Initial reactions were, in a word, curious. Streetwear sites like Highsnobiety picked up the news, as did local Vancouver sources. Notably, few outdoors magazines or pure fashion publications seem to have acknowledged it. Even the then-new “arcteryx veilance” [sic] SuperFuture thread was silent for most of Fall 2009. To cap it all off, this bold new collection of $1,000 jackets had launched in the shadow of the global financial crisis. It was as if Veilance—that technically-focused menswear line designed to blend in—had done its job too well.
Looking back at Fall 2009, it’s easy to empathize with a befuddled press. The original collection carried all of the technical wizardry of Arc’teryx products – it just lacked the mystique. Products were named rather bluntly (“Long Coat”; “Sweatshirt”). Initial paid promotion was meek. While Veilance is by no means bland, to anyone viewing photos on a press release, it may have all seemed rather… flat. Matte black M-65 jackets made of Gore-Tex Pro would captivate in person, but as words captioning an emailed JPEG, all those trademarked performance fabrics become matte in turn.
Yet, with Nachtigall at the helm (and Jordan’s blessing from the top), Veilance had room to stretch. For Spring 2010, the collection dropped to 10 pieces, but introduced both Arc’teryx naming conventions (from “Blazer” to “Blazer LT”) as well as a pale yellow Field Jacket. For Fall 2010, Veilance doubled down on outerwear, swelling the line to 18 total pieces, 11 of which were jackets. This same season, global launch events were held at elite stockists like Firmament Berlin and Amsterdam’s 290sqm. The latter famously featured a Gore-Tex “basin” between store entrance and collection, leading guests along a stone path over water suspended by Veilance’s signature waterproof fabric.
It’s no coincidence that the dormant SuperFuture thread—silent since August 2009—revived during this same season. Arc’teryx Veilance had arrived.
From this point onwards, Veilance began a slow process of experimentation within both color and technology. The same core menswear silhouettes returned year after year, but a quick glance through the company’s archives reveals an iterative trial-and-error resulting in just as much genius as true eccentricity. Fall 2011 featured “Stealth Pants” made from emerald green Windstopper. Spring 2012 featured a mixed-media “Deploy Composite Jacket” in iridescent seafoam. The coup de grace: Fall 2012’s blaze orange “Insulator Jacket,” a neon-drenched layering jacket ostensibly designed to be hidden.
During this time, cultural bellwether 032c profiles Arc’teryx Veilance in what is perhaps the best written work ever done on the brand. The piece, featuring an interview with Nachtigall himself, lays it out simply: “Practically speaking, Veilance runs the risk of becoming the Hummer of clothes, producer of perfectly optimized garments that are nothing more than a look, functional in a world that has no need for its capabilities.”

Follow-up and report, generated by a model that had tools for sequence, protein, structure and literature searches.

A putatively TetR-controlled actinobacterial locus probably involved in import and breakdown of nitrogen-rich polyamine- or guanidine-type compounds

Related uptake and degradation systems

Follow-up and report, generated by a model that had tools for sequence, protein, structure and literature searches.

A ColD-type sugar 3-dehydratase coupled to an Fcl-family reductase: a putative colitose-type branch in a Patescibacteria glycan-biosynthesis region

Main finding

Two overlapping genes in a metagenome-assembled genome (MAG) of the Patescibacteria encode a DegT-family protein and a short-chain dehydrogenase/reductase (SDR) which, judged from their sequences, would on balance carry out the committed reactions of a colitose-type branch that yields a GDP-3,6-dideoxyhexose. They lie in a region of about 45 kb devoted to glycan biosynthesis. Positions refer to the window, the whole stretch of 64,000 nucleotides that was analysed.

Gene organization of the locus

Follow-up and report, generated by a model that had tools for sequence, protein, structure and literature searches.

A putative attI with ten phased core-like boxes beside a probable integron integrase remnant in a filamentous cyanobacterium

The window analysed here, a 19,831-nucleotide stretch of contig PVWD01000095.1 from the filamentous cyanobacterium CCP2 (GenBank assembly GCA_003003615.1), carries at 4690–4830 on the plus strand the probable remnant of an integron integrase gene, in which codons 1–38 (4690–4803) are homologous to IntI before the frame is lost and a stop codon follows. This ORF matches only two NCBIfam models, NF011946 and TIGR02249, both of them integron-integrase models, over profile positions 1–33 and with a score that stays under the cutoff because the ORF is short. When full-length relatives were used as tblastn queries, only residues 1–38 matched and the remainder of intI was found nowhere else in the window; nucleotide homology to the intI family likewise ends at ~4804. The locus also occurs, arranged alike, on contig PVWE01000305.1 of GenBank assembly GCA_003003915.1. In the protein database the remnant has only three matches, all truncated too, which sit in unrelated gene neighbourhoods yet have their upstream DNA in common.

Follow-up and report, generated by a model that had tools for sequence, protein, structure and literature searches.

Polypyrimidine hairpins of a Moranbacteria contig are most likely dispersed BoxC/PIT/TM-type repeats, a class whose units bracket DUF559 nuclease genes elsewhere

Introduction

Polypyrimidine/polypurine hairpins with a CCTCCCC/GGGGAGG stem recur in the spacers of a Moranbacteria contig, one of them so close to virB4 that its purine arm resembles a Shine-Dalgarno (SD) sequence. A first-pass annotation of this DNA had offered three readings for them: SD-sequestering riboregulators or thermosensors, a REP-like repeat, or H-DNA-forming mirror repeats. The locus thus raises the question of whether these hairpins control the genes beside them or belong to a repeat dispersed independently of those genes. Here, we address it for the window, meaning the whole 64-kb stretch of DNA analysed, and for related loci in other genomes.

Yes, more and more people now knew Veilance existed—they just needed a reason to wear it. Clothing designed to blend in, paradoxically, needed a brand.
By Spring 2013, a distinct Veilance brand image had begun to crystallize. That season introduced 20 total pieces, 12 of which were outerwear, every garment both sleek and muted. Products were sprinkled with a hint of Arc’teryx naming convention (“Partition Coat FL”), yet far from the Greek letters of the Alpha/Beta mainline hardshells. With foundations laid in spring, one could only imagine what lay in store for winter.
That Fall, Veilance introduced the Patrol IS, a flagship 3-in-1 coat retailing for an all-Arc’teryx record price of $1,800 USD. “The Patrol was the next step,” Conroy Nachtigall told Dry Clean Only. “It was this crazy insulation that didn’t make sense but we knew worked really well, and we just put it in the best possible Gore-Tex shell, then just stepped back. We knew it was a next-level thing.”
“Do you really need tons of carbon fiber in a car that isn’t going to be raced? No. But, it does make the car drive super nice.”
With a Patrol IS as the opening shot, Veilance’s Fall 2013 video lookbook—a first for the brand—landed on every major streetwear site. The same uncompromised design instinct still powered the collection. Only the marketing and execution had sharpened. Suddenly, Veilance was in the same conversation as brands like ACRONYM, Visvim, and Ten-C: with a Gore Pro fishtail parka costing more than your rent, Veilance coats were bonafide grails.
Add this to the fact that Arc’teryx opened its first US store in September 2013, and Jordan’s original vision for Veilance (“designing products market we believe will exist in the future”) seemed to be falling in place. After years of growing its wings, Arc’teryx Veilance was ready to fly.
Unfortunately, evolution is not always kind. Tyler Jordan, the original champion of Veilance, left Arc’teryx in 2012. Nachtigall would leave in turn close to one year later amid shakeups within Arc’teryx design, eventually joining Jordan at performance apparel startup 7Mesh Inc. With the line’s identity just beginning to stabilize, its very future now seemed in question.